Officials in the Iowa Department of Natural Resources are asking legislators to give the state-owned Honey Creek Resort more time to show a profit. A state audit released last month showed the resort along Rathbun Lake in southern Iowa had lost nearly $900,000 in its first 10 months. D.N.R. officials hired a private consultant who has confirmed those losses, but concluded the resort was “well managed.”
Pat Body, the deputy director of the D.N.R., says Honey Creek is faring about as well as similar resorts in the Midwest. “A lot of people are visiting and enjoying the facility so it is an amenity for the state,” she says. “It’s a quality of life piece that’s pretty important not just for southern Iowa but for all of Iowa.”
But some state legislators worry the 58-million dollar resort is taking too long to turn a profit, leaving taxpayers with the debt. Senators James Seymour of Woodbine and Matt McCoy of Des Moines both say the resort’s 18-hole golf course alone could sink the project. “A golfing entity has to go broke a couple of times and get rid of the capitol cost before some entity can come in make it cash flow on operations and I don’t know what’s going to happen here,” Seymour said during a meeting at the capitol this week.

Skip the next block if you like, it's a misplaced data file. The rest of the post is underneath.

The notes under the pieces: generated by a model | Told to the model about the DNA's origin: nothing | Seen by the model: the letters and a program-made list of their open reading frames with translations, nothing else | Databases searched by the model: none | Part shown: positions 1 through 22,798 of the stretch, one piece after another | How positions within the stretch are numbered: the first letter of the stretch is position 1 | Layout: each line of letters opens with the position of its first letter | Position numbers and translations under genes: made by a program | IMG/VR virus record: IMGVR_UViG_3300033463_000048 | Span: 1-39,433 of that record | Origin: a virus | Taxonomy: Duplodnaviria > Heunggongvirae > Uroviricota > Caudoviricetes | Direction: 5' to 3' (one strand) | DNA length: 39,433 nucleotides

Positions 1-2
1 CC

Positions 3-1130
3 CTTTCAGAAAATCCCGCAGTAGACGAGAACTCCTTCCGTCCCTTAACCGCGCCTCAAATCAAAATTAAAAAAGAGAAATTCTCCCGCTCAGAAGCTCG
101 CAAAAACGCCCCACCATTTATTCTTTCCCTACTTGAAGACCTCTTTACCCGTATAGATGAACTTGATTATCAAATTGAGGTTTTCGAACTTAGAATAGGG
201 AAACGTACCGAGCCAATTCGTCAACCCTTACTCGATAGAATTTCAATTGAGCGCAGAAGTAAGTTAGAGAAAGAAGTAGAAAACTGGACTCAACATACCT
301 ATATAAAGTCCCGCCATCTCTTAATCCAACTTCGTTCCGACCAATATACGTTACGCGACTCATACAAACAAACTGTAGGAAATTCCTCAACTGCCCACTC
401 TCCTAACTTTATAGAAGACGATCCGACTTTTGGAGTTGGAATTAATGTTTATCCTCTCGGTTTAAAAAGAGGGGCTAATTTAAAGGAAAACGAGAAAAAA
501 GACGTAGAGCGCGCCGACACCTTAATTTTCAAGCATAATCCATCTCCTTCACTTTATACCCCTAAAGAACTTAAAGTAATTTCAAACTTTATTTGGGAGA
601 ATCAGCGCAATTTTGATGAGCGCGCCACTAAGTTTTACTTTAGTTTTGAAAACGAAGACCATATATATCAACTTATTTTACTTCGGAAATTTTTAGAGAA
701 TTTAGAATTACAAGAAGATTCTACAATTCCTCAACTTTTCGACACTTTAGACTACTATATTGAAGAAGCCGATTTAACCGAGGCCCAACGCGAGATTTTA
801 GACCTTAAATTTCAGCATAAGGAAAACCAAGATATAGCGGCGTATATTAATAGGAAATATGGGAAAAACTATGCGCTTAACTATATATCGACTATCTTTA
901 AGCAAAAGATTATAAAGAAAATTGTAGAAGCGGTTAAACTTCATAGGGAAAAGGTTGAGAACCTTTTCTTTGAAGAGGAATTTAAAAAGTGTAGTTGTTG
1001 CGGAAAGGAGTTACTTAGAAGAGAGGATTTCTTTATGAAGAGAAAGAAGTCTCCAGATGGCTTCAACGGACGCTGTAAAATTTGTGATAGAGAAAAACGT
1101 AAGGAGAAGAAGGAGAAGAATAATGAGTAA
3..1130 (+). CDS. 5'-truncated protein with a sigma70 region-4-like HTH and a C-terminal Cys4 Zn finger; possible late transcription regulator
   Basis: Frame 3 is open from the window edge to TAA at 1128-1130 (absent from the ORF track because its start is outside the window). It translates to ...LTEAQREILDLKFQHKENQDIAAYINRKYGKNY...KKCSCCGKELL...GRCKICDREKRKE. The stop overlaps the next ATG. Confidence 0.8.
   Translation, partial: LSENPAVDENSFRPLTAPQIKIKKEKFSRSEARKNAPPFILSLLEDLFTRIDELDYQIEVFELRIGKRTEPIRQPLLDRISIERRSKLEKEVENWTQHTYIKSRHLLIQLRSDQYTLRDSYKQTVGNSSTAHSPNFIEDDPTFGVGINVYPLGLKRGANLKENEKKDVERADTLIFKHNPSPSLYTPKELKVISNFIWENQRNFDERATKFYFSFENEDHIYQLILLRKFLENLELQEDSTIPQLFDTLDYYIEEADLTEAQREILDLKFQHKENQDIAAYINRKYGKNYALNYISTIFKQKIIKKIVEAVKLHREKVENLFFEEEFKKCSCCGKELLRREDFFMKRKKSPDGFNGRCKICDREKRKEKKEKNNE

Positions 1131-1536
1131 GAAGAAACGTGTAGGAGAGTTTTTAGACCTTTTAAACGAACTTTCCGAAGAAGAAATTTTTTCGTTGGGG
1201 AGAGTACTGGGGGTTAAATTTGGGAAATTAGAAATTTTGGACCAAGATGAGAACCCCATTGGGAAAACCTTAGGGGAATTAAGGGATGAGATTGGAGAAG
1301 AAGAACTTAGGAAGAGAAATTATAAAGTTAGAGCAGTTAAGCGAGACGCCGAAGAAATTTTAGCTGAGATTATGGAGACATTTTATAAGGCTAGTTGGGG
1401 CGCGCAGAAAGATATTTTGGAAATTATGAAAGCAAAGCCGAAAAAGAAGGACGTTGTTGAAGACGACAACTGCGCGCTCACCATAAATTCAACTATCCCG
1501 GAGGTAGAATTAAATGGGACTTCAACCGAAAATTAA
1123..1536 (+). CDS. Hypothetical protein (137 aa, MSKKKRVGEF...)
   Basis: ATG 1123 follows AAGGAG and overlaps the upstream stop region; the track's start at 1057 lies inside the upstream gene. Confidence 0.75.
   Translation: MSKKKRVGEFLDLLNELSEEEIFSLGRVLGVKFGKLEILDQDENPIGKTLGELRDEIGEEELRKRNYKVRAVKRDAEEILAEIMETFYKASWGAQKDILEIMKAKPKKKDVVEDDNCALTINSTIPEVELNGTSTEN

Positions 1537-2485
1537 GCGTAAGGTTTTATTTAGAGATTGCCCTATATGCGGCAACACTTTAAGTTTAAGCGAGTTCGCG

“We’re well on our way,” McCoy chimed in. Seymour concluded the capitol investment could “strangle” the state. McCoy wants to sell or lease Honey Creek to a private company. But the D.N.R.’s deputy director cited the report from the consultant the D.N.R. hired, a consultant who suggested a golf course is a key component for a resort.
Honey Creek opened in September of 2008, this will be the first year all 18 holes of the course at Honey Creek are open to the public — if the weather cooperates. Honey Creek has 105 hotel rooms and 28 cottages. Rental rates have been lowered for the winter “off-season” in hopes of drawing in more visitors. The occupancy rate for those rooms and cabins has averaged 46%.